Seung-Jung Park, MD (Asan Medical Center, Seoul, South Korea; Course Director of TCT Asia Pacific) commented that contemporary interventional practice has undergone significant advancement compared with that used in the trials conducted a decade ago. This includes improved DES technology, refined interventional techniques, increased use of intravascular imaging and functional assessment, among others.
John D. Puskas, MD (Mount Sinai St. Luke’s Hospital, New York, USA) who was also a co-author of the EXCEL trial commented that cardiac surgery has not evolved at the same pace as interventional cardiology.
“We are still encouraging most of our colleagues to do CABG with at least two mammary artery grafts and radial artery grafts,” Puskas said. “Two mammary arteries lead to better short, intermediate, and especially long-term outcomes than a single mammary artery.”
Michael Haude, MD, PhD (Städtische Kliniken Neuss, Germany) opined that the patient should be referred to three “bests” for the patient -the best center, the best interventional cardiologist or cardiac surgeon, and (for) the best clinical outcome.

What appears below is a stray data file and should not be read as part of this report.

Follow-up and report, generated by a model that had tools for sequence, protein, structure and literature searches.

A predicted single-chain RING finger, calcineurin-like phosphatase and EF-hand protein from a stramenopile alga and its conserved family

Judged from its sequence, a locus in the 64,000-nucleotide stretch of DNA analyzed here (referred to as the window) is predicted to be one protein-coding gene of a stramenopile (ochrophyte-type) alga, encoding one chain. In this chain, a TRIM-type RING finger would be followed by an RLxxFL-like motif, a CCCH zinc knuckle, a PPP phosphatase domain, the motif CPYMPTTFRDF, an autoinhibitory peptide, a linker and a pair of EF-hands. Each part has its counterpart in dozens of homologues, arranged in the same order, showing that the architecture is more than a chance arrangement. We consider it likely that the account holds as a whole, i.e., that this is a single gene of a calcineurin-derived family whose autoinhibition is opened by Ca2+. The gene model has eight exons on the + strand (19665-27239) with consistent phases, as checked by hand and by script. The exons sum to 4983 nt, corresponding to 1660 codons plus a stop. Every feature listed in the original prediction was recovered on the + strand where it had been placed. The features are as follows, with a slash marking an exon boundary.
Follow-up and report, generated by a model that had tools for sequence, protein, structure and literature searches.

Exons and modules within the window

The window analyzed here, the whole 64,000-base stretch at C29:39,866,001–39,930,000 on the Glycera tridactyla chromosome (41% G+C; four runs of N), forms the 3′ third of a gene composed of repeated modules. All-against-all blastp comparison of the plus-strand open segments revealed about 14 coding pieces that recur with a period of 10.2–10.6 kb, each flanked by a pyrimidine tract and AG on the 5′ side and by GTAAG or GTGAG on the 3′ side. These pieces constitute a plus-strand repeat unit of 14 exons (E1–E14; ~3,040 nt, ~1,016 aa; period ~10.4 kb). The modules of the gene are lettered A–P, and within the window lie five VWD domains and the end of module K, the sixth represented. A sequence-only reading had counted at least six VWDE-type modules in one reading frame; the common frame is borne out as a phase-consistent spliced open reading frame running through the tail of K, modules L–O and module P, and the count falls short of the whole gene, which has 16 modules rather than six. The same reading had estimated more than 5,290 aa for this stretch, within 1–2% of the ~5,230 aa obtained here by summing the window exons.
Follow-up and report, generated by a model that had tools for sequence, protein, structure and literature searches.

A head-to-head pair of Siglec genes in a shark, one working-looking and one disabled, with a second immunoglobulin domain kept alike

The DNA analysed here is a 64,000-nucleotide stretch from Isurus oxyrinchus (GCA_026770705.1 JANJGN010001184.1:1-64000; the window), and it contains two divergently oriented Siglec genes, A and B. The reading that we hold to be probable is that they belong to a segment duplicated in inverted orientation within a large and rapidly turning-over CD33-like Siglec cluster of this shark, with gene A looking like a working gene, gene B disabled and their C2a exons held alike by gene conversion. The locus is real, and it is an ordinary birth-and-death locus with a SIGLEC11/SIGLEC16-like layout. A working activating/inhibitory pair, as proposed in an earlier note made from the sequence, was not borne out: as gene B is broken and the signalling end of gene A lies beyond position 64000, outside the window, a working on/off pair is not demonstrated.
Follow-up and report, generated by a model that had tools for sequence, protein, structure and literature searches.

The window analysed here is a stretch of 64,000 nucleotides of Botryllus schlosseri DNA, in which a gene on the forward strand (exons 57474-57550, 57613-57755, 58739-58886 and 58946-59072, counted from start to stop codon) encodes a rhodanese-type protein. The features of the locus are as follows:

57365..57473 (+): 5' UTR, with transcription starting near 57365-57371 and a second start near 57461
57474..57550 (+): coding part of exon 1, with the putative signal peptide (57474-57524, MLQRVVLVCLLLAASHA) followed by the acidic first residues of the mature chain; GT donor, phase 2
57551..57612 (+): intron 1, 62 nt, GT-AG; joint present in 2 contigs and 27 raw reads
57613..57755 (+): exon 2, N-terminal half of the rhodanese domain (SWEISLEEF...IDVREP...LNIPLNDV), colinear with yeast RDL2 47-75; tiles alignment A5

All experts agreed that both CABG and PCI are viable revascularization options for ULMCA disease with low or intermediate anatomical complexity. Both are safe, effective, and durable.
The decision to perform CABG vs. PCI should be personalized, taking into consideration various factors including coronary anatomy, baseline comorbidities, age, life expectancy, time to return to work and patients’ preference, among others. The revascularization procedures should be also performed by experienced operators in recognized centers.
Mario F.L. Guadino (Weill Cornell Medicine, New York, USA) concluded with the remark: “It is a matter of individualizing the strategy to the patient.”
Editor: Michael S. Lee, MD (UCLA School of Medicine, USA)